Venturii have been used for a number of cooling applications through the years for one good reason: they cause the flow rate to increase _at_ the choke point. Unfortunately, they do not increase the total flow rate: Assuming your inlet and outlet are the same size, total in will be equal to (actually, because of friction, a little bit higher than) total out.
Basically, as air flows into the choke point (technically, this point is the venturi), its pressure increases. This causes it to heat up due to compression, but it _also_ causes its flow rate to increase (since outflow = inflow).
So here's what you do: Say you want to cool your CPU with a venturi. One way to do it would be to cut a large (120mm) hole in the bottom of your case. Make a venturi that scales down to an 80mm choke point; mount your fan in that choke point. Build the whole thing so that the fan mounts right below your heatsink (assuming you've got a vertical mount mobo). Then make a vent through the top of your case, et voila. This would really only increase cooling efficiency slightly, as venturii reduce turbulence and you would be drawing cooler air from the bottom of the case.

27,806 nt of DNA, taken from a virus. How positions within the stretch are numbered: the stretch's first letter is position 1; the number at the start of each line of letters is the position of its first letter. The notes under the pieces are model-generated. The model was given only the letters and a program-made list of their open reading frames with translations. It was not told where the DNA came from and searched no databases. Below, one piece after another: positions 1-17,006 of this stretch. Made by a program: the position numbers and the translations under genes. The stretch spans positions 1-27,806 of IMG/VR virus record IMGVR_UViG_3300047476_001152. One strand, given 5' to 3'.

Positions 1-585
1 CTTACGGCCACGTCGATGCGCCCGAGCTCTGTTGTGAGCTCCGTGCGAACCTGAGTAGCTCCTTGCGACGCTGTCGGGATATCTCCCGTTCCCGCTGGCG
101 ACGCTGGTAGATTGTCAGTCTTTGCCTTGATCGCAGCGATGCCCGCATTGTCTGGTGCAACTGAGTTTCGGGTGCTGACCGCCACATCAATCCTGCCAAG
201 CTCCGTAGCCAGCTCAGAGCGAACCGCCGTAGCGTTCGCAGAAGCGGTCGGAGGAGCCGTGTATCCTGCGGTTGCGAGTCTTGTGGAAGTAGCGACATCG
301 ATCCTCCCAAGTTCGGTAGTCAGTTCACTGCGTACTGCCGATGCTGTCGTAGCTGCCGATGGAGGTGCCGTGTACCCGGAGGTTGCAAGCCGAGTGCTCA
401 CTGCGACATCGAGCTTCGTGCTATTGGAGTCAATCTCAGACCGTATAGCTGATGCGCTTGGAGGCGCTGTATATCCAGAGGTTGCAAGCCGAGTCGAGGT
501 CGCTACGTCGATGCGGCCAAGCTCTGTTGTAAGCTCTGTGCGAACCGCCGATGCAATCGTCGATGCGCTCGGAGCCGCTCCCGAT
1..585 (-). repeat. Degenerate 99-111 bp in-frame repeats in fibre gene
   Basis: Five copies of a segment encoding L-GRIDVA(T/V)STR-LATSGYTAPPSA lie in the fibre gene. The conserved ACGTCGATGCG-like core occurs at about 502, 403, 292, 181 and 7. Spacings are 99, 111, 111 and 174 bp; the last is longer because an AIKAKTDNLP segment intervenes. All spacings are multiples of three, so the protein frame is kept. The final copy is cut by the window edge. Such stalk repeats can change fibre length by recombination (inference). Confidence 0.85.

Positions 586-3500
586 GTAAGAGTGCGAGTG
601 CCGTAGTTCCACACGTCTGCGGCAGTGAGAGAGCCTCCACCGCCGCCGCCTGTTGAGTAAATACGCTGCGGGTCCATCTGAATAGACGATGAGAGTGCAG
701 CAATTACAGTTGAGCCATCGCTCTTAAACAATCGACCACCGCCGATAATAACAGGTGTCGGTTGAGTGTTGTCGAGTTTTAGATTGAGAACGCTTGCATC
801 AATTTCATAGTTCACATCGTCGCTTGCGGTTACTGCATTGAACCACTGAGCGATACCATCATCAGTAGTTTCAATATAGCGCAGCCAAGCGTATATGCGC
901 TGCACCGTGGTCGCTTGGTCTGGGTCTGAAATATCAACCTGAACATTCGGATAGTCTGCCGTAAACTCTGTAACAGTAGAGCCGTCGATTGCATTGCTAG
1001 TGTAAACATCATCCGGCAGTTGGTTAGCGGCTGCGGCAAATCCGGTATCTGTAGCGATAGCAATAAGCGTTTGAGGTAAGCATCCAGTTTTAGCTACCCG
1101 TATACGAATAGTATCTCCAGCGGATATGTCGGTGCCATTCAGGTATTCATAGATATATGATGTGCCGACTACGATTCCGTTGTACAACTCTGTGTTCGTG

Alternatively, you could mount a 120mm fan at the bottom; this would push more air. According to the exhaustive cooling guide <a href=http://www.7volts.com/heatguide.htm><font color=blue>here,</font></a> the total gain from doubling CFM is only around 30%-40% more cooling, though, so you might want to think twice about that setup.
Another alternative is probably closest to the one your grandfather talked about: use the venturi to increase cooling on a water-cooling radiator. This is how a lot of older Army equipment is set up. This would be handy, say, for mounting a venturi/radiator outside of the computer, like in an auto stereo bass 'bazooka'. An added benefit is that is allows the use of large, low-RPM fans at lower noise than smaller, higher-speed fans.
The original uses of venturi have generally been replaced with compressor-driven cooling tech, but they still have the advantage of being simpler and less costly to manufacture. Current uses of venturi include aircraft (pitot tubes, ducted external radiators), some large ventilation fans, and pressure-reduction pipe couplings.
Here's rather detailed <a href=http://www.efunda.com/formulae/fluids/venturi_flowmeter.cfm><font color=blue>flowmeter calculator</font></a>, but you'll need to look up most of the inputs yourself.
"I laughed, I cried, I fell down, it changed my life . . . It was good!"